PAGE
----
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    Korea Korea Presentation Transcript

    • Missile Defense and South Korea: A proposed plan for the United States’ involvement
      Should the U.S. set up a missile defense system in South Korea?
      By Holly D’Anna
    • Overview of the Issue
      North Korea biggest threat to South Korea for over half a century
      North Korea has nuclear capabilities, but doesn’t necessarily pose immediate threat to the South
      Recent events suggest US-led missile defense system in South Korea would not be ideal
      To understand this policy decision, we need to look at the Korean conflict over the 57 years
    • The Korean War: Brief Overview
      After Japan's defeat in World War II, Korea became a divided nation, the capitalist South supported by the United States and its Western allies and the communist North an ally of the Soviet Union.
      Cold War tensions erupted into war 1950
      1953: The fighting ended with a truce, not a treaty, and settled little.
      Both sides are still technically at war with each other
      A two-mile wide demilitarized zone continues to separate North and South Korea.
      The U.S. has approx. 28,500 troops stationed in South Korea
    • Recent History of North-South Relations
      Several land and sea border conflicts since armistice
      Each state wants to reunify the peninsula according to its own terms and system of government.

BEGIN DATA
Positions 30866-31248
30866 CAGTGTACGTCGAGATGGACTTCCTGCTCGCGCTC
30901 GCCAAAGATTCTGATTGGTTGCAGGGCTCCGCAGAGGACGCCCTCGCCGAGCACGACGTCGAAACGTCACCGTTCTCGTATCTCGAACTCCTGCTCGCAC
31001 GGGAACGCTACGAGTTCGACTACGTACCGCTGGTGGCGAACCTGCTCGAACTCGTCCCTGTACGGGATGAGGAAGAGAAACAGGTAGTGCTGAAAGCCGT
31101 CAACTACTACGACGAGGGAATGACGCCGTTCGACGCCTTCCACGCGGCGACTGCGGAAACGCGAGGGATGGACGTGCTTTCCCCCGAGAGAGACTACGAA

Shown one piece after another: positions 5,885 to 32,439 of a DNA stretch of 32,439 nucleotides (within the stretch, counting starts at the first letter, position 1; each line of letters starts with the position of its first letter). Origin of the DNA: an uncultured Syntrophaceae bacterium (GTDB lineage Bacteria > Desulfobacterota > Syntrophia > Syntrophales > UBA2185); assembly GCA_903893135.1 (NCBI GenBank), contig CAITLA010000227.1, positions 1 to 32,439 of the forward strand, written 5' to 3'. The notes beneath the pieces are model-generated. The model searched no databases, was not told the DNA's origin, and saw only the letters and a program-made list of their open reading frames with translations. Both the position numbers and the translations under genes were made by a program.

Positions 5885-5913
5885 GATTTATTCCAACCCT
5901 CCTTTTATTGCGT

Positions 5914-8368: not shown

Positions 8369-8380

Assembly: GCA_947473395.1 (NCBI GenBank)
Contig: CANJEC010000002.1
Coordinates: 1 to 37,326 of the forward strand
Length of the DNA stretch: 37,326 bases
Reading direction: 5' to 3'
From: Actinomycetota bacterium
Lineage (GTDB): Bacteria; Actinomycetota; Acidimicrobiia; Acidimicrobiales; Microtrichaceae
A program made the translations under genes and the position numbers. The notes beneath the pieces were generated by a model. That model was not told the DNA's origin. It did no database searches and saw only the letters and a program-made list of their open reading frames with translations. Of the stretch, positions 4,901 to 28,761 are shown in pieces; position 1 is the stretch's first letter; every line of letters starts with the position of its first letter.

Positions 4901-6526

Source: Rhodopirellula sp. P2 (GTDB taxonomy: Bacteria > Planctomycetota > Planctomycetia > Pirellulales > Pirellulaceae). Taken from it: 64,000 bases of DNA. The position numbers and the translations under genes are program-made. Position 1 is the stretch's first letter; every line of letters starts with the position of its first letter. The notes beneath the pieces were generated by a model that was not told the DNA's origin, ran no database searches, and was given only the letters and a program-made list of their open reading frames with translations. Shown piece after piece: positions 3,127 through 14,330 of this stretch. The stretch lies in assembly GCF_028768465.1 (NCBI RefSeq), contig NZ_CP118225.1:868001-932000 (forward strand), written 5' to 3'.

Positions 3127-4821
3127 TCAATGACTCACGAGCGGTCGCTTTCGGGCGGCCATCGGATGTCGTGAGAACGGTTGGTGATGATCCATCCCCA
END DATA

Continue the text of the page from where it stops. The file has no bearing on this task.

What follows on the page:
Deadly naval clashes occurred along the demarcation line in 1999, 2002 and 2009.
      “Sunshine policy” by South Korean president in late 1990s advocated greater communication between the two governments
      2000: Kim Jong Il and Kim Dae-Jung held summit in Pyongyang, the first since the armistice in 1953
      Agreed to reduce tensions and work towards reunification
      2002: North Korea restarts nuclear development and withdraws from the nuclear Non-Proliferation Treaty
    • The North Korean Threat
      July 2006: North Korea test-fired a number of short-range missiles and one Taepodong-2 long-range missile into the Sea of Japan (East Sea)
      North Korea threatened to carry out an "annihilating" nuclear strike if its atomic facilities were pre-emptively hit by the United States.
      May 2009: North Korea abandons armistice because the South chose to participate in the Proliferation Security Initiative
      Goal: to stop transport of nuclear weapons via ships
      DPRK: mechanism for war of aggression against them
      Despite attempts at international negotiations, North Korea continues to produce nuclear weapons
    • U.S.-South Korean Relations
      1954: Creation of U.S.-R.O.K. Mutual Defense Treaty, in which the United States agreed to help the Republic of Korea defend itself against external aggression.
      U.S. going from leading to supporting role in South Korea
      Since 1970s and 1980s, the consensus that defined the MDT has eroded, although relations are still strong
      South Korea wants “self-reliant defense” as a long-term goal
    • U.S.-led Missile Defense System: Pros
      • Missile defense can further strengthen the goal of nonproliferation